I went into online dating from a very scientific viewpoint. I was completely honest in my profile, and chose photographs of myself that I didn’t really feel did me any favours, to insure against disappointment on the end of potential suitors. I put narrow parameters in place regarding age, profession and education. I was looking, not for my “love story”, but for the father of my children. That was all.
I am not defending myself here; indeed I feel no need to. I revisited endless of my favourite classics and reread them from a new perspective, viewing marriage for social class or status as the norm. I watched movies and cast myself, not as the leading lady or even the best friend, but as the rejected lover, the bad girl, the plain Jane. I even read up on the success rates of arranged marriages, which favourably backed my new plans. If my choice was between that of a plain and jilted lover and that of the wife in a marriage for gain… well, I’d tried the jilted lover role and frankly, I didn’t care to revisit the part.
What happened next was completely unexpected. Dapper fell outside my parameters, acknowledged this when he contacted me, and suggested we strike up a platonic friendship based on our many mutual interests. When I returned, bouncing off the walls, from our first “date” last April, I felt more like myself than I had in months. I consider myself incredibly lucky to have met someone so interesting and forgiving, so willing to fight his way through my shell, and under whose gaze I constantly feel myself glow, and particularly under such coldly calculated circumstances.
Unfortunately, fighting through my shell is an ongoing process, one, I’m sure Dapper would confirm, that he has to undertake every single time we meet. It’s getting better – if I go round on a Friday night I can now reach some semblance of a regular human being by Saturday lunchtime, but as soon as we hit going home time on a Sunday I feel the barriers rising into place again. It doesn’t help that so much of my job is of a 24/7 nature, that the first thing I do when I do get back to mine on a Sunday night is to check my work emails, or that I so often start the day on 4 hours sleep, that by the weekend I can do little more than try to catch up. On a Friday night Dapper is lucky to get two full sentences out of me and a cup of tea into me before I fall asleep on his sofa.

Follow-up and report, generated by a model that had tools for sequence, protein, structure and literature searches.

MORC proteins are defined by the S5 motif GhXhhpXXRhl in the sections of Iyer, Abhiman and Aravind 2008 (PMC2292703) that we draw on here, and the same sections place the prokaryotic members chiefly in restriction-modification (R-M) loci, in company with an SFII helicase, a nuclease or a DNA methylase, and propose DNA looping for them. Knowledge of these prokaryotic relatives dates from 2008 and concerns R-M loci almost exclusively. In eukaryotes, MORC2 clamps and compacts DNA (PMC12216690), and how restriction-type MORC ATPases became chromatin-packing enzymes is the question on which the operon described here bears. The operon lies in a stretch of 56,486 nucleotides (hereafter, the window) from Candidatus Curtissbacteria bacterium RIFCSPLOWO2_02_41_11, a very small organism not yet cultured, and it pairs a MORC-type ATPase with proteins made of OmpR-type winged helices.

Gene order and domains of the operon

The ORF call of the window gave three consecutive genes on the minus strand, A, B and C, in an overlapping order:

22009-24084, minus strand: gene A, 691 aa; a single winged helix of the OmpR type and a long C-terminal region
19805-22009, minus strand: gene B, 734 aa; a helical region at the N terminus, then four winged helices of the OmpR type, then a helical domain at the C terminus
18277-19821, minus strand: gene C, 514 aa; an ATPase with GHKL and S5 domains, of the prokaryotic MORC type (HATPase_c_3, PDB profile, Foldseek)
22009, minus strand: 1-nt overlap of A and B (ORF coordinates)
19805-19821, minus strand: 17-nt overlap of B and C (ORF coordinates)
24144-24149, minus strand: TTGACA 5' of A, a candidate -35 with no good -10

But at least with him there I can fall asleep on the sofa. It’s as if he is able to switch the outside world off long enough to stop the whirring – as long as he is in the vicinity I can stop. Between working fulltime and freelancing, blogging and the club, I have long felt as if I am balancing on a pile of rubble. Every time I get a firm foothold it feels as if something slips from beneath me, the pile shifts and I’m back to trying desperately to find my balance. I haven’t found it yet, but I am hopeful.
And I am hopeful that, given time, I’ll manage to shake the shell off for good and come bouncing back into the light. Acknowledging so many negative feelings and actions over the last year is a start, at least. Admitting some of the completely out of character thoughts I have run with and decisions I have made is painful, but will hopefully kick-start some degree of healing process.
I never intended to hurt or harm anyone, but see now that the desire for self-preservation has, in fact, caused hurt to a great many. I can’t ask them to forgive me, nor can I promise an immediate return to form; but I can promise to try harder. I am trying to get some feeling back in my life. I am trying to get a firmer footing on the rubble beneath my feet. I am trying to find a way to start juggling all those friendships once again. I know that words can’t fix this, but maybe if I try hard enough, I can.